Waving the Mad Pride Flag, Part I
I continue to be astounded at the creativity, intelligence and sheer tenacity of individuals who self-identify as “mad” or “crazy.” (I’ve explored the word “crazy” and its reclamation in an earlier post.)
Witness the current dialogue around creating a Mad Pride flag. I recently became aware of this exchange, and of the Mad Pride movement, through an excellent blog post by Richard-Yves Sitoski, Designing the Mad Pride Flag.
A little background
In an effort to familiarize myself with the Mad Pride phenomenon, I read Dr. John Grohol’s post, Mad Pride Movement Meets in Toronto. I’m attracted to the aspects of Mad Pride that speak to restoring human rights and personal dignity, and to its goals of removing stigma and celebrating our authentic selves. However, there appears to be a strong contingent of this movement who vilify the psychiatric and pharmapsychology paradigms outright.
“…we all have one thing that unites us: the need to be acknowledged, respected and listened to by those in the medical community and indeed by anyone in a position of power.” ~ Richard-Yves Sitoski
On this aspect, I tend to agree with Dr. Grohol that it’s not helpful to indulge in “us” versus “them” arguments. Like Grohol, I’d prefer to think of it as us AND them, as we work together to make lives better on an individual basis. We’re all different; not just physiologically, but in terms of our values and beliefs. Our individual rights to choose the path that’s best for us should be upheld, with the caveat that others must not be harmed by our personal choices.
Go to the source(s)
Regardless of the variety of viewpoints represented within the Mad Pride movement, my interest was immediately piqued by the thoughtful, creative and respectful approach demonstrated by those undertaking the task to create a flag to represent the Mad Pride movement in Toronto, Ontario, Canada.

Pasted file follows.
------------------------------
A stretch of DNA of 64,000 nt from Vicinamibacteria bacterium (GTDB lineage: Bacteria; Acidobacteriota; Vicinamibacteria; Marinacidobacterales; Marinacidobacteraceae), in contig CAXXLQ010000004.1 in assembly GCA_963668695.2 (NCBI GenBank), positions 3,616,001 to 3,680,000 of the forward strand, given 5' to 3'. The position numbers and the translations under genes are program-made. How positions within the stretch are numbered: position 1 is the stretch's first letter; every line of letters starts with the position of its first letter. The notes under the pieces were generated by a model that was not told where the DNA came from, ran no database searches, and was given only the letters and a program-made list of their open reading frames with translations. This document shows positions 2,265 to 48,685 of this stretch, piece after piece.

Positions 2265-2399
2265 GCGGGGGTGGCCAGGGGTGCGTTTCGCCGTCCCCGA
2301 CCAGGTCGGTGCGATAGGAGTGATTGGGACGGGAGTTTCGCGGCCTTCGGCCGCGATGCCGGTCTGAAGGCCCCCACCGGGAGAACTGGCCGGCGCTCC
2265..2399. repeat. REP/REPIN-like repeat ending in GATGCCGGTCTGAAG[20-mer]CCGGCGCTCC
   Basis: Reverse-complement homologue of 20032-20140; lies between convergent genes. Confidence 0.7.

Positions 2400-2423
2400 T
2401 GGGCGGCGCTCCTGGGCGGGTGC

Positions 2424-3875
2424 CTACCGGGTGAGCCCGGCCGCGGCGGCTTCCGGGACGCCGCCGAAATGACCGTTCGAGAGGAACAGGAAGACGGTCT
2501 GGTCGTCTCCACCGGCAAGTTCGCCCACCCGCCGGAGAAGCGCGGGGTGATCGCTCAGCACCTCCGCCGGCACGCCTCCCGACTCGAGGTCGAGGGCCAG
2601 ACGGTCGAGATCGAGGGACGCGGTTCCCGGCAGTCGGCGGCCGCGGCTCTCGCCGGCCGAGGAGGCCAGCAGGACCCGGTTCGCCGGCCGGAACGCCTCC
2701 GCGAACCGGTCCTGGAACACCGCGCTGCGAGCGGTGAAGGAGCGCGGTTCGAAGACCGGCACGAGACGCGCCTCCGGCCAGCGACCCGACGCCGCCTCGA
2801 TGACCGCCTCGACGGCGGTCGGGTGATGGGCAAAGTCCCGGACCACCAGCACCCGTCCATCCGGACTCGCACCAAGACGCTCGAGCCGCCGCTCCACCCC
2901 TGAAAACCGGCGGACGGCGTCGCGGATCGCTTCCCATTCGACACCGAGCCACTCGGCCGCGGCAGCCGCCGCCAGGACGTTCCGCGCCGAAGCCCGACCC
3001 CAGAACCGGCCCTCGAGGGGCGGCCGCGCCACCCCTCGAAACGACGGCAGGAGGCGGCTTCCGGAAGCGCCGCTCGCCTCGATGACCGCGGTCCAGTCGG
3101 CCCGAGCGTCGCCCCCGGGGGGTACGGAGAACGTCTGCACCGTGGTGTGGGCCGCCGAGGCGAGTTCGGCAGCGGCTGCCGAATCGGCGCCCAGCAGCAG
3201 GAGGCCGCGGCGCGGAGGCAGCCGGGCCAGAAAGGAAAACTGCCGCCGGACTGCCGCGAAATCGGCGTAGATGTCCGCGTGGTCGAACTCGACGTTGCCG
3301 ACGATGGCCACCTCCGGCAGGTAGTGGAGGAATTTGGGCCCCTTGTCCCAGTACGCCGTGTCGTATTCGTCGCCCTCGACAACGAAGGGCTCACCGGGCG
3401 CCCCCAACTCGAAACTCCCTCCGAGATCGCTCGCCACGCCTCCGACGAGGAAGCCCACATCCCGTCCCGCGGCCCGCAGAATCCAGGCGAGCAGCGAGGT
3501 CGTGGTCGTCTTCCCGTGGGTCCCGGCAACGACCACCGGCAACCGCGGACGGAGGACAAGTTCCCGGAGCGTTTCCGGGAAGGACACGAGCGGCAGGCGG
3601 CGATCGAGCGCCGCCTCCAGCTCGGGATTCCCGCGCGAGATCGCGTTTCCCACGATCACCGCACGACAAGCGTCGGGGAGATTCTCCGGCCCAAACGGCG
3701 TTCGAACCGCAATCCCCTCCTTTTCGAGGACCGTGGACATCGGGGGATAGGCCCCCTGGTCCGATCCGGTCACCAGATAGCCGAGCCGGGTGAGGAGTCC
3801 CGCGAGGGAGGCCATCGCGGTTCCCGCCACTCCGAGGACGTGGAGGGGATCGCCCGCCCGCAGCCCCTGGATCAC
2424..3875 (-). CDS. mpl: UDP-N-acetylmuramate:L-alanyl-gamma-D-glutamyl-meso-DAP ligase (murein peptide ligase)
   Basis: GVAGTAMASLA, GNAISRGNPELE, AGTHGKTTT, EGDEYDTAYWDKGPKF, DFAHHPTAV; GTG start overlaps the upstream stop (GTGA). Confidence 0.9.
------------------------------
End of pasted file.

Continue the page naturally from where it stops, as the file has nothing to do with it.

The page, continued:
To give but one example, here’s Sitoski’s explanation of the thought process around how many stripes to use in the flag’s design:
The number of stripes was an issue. Should we base it on the international ICD 10 classification of 10+1 categories? Or the DSM-IV’s 17-and-change? Either would have been unwieldy. And wrong. We’re not who we are because of some pseudo-empirical 3rd-party system of categories and rubrics. We simply are.
A conversation with the designer
Tomorrow, in Waving the Pride Flag, Part II, I’ll share my conversation with flag designer Saraƒin, who heads the flag-creation campaign. Saraƒin invites anyone who’s interested to join in the process. You can send your comments, input, or even your own design ideas to: firstname.lastname@example.org
Don’t miss tomorrow’s post where we’ll learn more about the ideas behind Mad Pride and its ingenious flag creator!
Kessler, Z. (2011). Waving the Mad Pride Flag, Part I. Psych Central. Retrieved on September 2, 2015, from http://blogs.psychcentral.com/adhd-zoe/2011/11/waving-the-mad-pride-flag-part-i/